I’m not sure the author of this article fully grasps  just how many Android Tablets are available to date – even though most are just being sold in Asia.

If a tablet falls in the market and nobody notices, did it make a sound?
See, the tablet space is apt to be much more crowded this fall than you might think. The iPad is just the first tablet on the market that’s powered by a truly mobile set of hardware and software, and there are lots more coming from every corner.

Maybe you forgot about Google? The Android operating system could easily show up on a range of tablets before you know it, providing an experience similar to what Apple and this newfangled HP/Palm gadget can do.

But that’s not all from Big G: Chrome OS hasn’t made many waves lately, but Google has said that “netbooks running Google Chrome OS will be available for consumers in the second half of 2010.” Hardware partners include HP, Toshiba, Acer, and Lenovo, so we’re likely to see multiple vendors offering Chrome OS tablets soon enough. Yes, HP could be hedging its bets here. And if Android and its rivals were built for smartphones, Chrome OS simply puts the Web on a tablet, glued to a touchscreen and a battery. Simpler may be better when it comes to stretching battery life and creating a clear user experience.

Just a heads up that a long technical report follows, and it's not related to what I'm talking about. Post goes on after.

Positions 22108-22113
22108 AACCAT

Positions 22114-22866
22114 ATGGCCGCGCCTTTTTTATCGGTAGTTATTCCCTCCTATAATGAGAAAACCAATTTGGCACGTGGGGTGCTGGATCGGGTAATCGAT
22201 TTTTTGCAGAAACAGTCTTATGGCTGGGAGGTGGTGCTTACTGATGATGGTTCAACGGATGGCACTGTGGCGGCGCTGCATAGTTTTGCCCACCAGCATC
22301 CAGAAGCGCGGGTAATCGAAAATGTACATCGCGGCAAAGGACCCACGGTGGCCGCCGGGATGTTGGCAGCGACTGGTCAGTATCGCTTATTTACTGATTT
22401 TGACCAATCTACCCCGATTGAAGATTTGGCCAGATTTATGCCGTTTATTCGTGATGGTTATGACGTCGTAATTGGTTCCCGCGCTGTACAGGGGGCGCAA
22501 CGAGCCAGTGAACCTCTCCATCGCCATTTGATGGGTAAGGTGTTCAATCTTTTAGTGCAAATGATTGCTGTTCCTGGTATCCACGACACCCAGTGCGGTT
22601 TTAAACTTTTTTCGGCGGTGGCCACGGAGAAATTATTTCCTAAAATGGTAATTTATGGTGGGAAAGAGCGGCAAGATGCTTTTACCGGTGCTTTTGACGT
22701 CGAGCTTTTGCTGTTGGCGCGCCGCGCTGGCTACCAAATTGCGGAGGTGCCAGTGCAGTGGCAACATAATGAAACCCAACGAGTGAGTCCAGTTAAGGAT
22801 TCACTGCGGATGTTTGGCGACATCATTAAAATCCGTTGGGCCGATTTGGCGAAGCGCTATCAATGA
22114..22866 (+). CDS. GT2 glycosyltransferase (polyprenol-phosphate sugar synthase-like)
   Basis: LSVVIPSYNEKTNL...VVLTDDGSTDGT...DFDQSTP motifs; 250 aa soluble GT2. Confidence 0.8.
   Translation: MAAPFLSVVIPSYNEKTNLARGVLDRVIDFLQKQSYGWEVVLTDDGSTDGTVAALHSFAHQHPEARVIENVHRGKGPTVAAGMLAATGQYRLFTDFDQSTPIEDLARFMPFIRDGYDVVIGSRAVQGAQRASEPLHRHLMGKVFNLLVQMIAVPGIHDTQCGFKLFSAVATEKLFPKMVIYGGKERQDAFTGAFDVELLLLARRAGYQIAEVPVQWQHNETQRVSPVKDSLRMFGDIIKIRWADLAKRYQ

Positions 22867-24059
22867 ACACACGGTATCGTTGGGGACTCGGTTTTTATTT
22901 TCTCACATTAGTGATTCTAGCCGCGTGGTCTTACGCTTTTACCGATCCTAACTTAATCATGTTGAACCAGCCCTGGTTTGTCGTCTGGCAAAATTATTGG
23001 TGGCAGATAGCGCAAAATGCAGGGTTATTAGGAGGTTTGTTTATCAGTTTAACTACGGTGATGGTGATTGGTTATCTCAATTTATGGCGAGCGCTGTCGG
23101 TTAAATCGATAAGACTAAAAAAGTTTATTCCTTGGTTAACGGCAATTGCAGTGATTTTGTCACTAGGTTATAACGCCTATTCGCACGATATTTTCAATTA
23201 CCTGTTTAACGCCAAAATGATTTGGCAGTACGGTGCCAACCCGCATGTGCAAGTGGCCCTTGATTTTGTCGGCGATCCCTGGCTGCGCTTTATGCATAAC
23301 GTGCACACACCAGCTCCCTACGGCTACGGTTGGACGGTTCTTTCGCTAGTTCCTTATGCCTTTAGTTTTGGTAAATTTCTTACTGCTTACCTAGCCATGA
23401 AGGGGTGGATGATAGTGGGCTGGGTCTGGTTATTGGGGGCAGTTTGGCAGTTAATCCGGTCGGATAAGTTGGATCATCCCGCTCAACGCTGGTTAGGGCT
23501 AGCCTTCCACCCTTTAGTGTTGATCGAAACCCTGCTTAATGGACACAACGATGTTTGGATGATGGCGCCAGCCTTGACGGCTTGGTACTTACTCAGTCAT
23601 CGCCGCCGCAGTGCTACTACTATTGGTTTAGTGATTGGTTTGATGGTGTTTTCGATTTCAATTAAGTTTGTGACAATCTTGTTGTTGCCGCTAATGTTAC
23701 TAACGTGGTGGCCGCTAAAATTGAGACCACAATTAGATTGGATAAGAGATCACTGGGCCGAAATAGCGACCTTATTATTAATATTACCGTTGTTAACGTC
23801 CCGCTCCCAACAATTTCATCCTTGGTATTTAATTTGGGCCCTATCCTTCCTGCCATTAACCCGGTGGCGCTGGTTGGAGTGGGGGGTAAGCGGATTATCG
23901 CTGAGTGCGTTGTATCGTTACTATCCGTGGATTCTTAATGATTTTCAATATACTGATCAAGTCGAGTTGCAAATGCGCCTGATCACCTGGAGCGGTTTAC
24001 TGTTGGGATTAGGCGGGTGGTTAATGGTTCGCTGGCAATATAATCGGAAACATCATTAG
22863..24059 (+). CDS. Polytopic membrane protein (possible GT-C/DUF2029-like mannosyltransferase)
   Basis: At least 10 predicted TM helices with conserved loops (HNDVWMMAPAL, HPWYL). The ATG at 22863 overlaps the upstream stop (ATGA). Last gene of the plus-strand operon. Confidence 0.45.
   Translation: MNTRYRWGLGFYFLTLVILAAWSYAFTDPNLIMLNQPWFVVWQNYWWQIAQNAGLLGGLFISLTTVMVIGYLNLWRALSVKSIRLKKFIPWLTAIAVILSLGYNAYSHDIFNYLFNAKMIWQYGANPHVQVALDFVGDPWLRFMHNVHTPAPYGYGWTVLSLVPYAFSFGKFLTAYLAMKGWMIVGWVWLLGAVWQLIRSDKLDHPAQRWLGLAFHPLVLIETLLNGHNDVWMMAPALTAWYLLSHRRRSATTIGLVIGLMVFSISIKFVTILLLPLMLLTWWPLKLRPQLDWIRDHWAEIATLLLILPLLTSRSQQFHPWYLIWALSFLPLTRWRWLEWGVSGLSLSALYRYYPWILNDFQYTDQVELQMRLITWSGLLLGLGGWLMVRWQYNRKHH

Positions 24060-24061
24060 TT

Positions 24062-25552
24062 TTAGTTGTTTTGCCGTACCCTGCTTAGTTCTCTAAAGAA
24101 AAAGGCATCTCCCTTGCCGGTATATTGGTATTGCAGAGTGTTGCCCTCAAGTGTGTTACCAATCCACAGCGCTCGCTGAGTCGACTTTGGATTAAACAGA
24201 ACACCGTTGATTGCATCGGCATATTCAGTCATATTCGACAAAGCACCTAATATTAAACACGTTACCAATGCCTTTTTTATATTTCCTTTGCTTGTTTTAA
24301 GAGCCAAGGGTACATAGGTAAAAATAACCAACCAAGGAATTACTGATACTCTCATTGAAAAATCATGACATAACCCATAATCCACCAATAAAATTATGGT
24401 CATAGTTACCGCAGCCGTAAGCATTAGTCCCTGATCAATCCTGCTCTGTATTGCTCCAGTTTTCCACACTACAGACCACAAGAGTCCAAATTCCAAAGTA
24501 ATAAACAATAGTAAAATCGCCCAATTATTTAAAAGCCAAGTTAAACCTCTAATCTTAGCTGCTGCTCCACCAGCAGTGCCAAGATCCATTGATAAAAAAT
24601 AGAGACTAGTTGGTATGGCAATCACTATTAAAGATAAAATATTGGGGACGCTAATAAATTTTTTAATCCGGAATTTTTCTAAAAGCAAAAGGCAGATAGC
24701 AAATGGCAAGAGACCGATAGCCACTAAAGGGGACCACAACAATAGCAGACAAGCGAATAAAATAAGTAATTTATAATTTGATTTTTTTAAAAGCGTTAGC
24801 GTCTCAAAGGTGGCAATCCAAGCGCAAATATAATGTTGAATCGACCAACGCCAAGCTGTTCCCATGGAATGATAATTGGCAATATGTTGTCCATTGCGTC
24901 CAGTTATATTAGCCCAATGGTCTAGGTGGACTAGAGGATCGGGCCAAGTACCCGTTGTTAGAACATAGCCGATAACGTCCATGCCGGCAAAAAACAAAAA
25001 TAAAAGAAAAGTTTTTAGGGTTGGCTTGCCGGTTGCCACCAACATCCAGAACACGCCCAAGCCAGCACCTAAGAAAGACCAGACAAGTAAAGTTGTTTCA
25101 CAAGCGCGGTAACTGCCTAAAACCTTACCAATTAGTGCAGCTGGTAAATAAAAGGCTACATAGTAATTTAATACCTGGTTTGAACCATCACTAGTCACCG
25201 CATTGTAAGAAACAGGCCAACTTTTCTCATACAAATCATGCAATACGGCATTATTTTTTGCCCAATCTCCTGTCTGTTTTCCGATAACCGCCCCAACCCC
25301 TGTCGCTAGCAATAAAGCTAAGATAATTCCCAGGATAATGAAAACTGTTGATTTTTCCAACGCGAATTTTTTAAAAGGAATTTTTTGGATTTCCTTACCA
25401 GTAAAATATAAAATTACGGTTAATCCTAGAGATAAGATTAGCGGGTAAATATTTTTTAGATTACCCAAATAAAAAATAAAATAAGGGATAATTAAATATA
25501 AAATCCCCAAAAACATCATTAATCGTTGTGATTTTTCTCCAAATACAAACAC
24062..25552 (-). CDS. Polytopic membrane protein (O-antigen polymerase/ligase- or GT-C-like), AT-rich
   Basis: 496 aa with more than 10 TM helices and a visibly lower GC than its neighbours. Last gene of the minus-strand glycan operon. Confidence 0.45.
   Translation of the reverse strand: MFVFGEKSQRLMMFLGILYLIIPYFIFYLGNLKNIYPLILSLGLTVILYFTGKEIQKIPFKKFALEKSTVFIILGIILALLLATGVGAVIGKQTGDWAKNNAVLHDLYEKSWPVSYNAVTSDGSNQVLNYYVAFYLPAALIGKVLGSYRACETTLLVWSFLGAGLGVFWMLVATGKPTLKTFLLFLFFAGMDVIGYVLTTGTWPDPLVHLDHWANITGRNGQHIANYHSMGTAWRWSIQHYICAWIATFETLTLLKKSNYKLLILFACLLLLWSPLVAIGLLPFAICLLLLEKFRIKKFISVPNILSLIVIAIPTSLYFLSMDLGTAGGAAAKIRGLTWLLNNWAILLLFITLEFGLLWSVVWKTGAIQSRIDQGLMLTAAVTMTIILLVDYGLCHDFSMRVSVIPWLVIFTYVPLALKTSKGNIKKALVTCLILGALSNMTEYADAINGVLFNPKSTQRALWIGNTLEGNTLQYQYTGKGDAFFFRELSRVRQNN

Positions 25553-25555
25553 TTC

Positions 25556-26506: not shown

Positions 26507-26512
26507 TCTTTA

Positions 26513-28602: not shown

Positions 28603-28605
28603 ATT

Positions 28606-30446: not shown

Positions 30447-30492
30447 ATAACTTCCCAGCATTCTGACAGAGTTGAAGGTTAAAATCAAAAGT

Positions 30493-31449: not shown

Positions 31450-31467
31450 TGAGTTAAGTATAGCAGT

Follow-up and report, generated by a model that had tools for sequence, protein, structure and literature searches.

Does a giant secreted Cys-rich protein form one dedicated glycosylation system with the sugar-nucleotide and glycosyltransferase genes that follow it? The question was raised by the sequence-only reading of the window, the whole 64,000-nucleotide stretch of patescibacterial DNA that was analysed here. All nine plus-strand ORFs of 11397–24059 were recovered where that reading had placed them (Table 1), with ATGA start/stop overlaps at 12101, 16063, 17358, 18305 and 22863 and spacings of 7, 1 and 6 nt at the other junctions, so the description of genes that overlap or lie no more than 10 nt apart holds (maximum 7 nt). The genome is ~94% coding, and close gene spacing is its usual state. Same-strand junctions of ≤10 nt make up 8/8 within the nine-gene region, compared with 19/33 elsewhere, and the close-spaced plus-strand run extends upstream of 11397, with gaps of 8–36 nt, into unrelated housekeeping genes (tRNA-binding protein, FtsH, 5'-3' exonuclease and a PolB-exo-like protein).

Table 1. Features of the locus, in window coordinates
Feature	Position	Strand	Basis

Fellow Fool Tim Beyers feels that Google made a mistake by committing to two separate mobile platforms, but I’m not so sure. Yes, Android and Chrome OS overlap to some degree, but they are ultimately aimed at very different and clearly defined market segments. If all you need is a portable Web browser, Chrome OS is your thing. For the full application-infused mobile computing experience, there’s Android.

This is shaping up to become a bloodbath. Consumers will be swift to vote with their wallets, and the pretenders will quickly fall away from the true winners. The iPad got a head start and caters to a crowd of raving fans, which adds up to a leadership position. One or both of the Google-approved platforms should make a serious dent in the market. Windows Phone is running late, and the rest are mere mirages at this point; seeing them in the real world will be a pleasant surprise.

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